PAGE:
Jim Bishop | Little Blessings Make Lots of Sense
‘Tis the gift to be free,
‘Tis the gift to come down where we ought to be …
It may sound trite to declare that “the best things in life are free,” but more and more I’m discovering the verity of that adage.
Material things are necessary to sustain life, but they rarely give life significantly more meaning in and of themselves — at least not over the long haul.
As Thanksgiving Day approaches, with its time-honored tradition of appraising our lives, priorities and attitudes, I find myself inclined to tally up my bountiful supply of blessings that money can’t buy:
I’m grateful for the love and support of my wife and daughters and extended family and friends.
I’m thankful that I am still capable of changing my mind, of acknowledging my weaknesses and mistakes and of trying new things as I enter my sixth decade on this good Earth.
I’m grateful for people who cross my path with new insights on dealing with recurring problems and hassles, who develop time-saving and life-giving technologies, who remain approachable and likable after achieving a degree of celebrity status.
I’m thankful for the extended awesome autumn we’ve had in the Shenandoah Valley.
I’m thankful for my congregation, Community Mennonite Church, and its servant-leaders that labor long and lovingly in shepherding their often obstinate flock.
I’m appreciative of actors and comedians who can entertain and make me laugh or stop and think about life’s incongruities without employing bathroom humor, a fusillade of four-letter words or anecdotes that degrade other races and cultures.
I’m thankful that our national, state and local elections are over and take some solace in a brief reprieve from vindictive political ads, verbal sparring and hollow platform promises. Unfortunately, the next round in the political race will heat up all too soon.
I’m grateful that whenever I want a rush, all I have to do is lift up mine eyes unto the Blue Ridge Mountains.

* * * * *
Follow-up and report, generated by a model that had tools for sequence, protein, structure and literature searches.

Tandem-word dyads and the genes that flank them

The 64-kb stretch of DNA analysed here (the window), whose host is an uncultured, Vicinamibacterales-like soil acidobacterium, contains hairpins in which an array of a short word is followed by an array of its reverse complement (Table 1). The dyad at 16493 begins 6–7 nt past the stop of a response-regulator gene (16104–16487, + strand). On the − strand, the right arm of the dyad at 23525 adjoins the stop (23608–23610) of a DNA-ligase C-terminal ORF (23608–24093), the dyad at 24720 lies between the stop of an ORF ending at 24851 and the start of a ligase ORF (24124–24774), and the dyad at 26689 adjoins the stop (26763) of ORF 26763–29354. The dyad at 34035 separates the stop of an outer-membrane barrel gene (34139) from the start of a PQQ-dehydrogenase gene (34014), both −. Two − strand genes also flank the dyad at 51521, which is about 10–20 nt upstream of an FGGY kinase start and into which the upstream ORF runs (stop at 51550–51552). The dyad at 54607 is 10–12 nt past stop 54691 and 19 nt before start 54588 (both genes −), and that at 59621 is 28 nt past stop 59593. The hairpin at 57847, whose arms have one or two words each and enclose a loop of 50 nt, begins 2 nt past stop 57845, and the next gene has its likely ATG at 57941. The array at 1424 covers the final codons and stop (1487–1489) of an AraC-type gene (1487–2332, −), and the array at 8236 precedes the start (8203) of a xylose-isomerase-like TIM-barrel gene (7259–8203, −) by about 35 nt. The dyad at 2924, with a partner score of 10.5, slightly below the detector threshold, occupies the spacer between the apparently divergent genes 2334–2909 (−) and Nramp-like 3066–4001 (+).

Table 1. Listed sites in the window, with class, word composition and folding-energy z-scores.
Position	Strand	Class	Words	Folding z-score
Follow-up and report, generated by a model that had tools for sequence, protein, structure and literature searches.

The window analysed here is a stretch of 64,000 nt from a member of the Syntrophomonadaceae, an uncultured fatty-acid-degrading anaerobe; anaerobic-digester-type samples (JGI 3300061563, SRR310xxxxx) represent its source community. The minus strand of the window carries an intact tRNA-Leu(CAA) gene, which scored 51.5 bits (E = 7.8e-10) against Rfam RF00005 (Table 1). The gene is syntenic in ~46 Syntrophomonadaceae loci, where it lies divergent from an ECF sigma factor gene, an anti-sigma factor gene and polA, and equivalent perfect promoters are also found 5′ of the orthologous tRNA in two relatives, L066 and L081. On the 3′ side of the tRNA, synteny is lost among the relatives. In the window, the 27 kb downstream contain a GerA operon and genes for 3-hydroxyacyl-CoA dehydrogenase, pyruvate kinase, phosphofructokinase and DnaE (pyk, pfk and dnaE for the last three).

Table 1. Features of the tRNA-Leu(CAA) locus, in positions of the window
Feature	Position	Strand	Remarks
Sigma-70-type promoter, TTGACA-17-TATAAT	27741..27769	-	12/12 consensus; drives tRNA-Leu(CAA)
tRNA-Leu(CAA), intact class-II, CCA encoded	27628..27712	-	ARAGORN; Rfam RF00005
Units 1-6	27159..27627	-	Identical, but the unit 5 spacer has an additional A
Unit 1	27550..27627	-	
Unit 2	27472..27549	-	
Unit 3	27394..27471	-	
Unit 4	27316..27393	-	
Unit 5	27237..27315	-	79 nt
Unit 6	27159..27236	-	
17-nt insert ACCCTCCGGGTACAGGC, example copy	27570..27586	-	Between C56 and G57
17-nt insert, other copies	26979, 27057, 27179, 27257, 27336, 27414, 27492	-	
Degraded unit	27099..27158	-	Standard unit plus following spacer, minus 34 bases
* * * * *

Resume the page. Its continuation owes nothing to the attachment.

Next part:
I am thankful for music that speaks volumes without words, for moments of calm and stillness in the midst of clamorous and stressful schedules, for snippets of serendipity amid the demands of daily toil.
I’m grateful for health care personnel who possess the skills to perform necessary maintenance on this aging physical vehicle and for remarkable medications that can help prevent life-threatening illnesses.
I’m grateful that I’m able to donate blood every eight weeks and then promptly leave the hospital under my own power.
I’m thankful for those persons who can be counted on to do what they say they will do and for the many unsung heroes who unobtrusively go about practicing random acts of kindness and mercy.
I’m obliged to those who take time to voice appreciation or write a note of affirmation for my neophyte neurological notions as well as for those who offer constructive critiques of my jottings along the way.
I’m thankful that after some 38 years at the same location, my work remains challenging and gratifying and that I have occasional chances to get away from it all and to unwind.
I am grateful for special days on the calendar — like Thanksgiving, with the Christmas holidays not far off.
Oh, and I’m thankful for oyster gravy to pour over the turkey dressing. I’ll pass on the cranberry salad.
– Column by Jim Bishop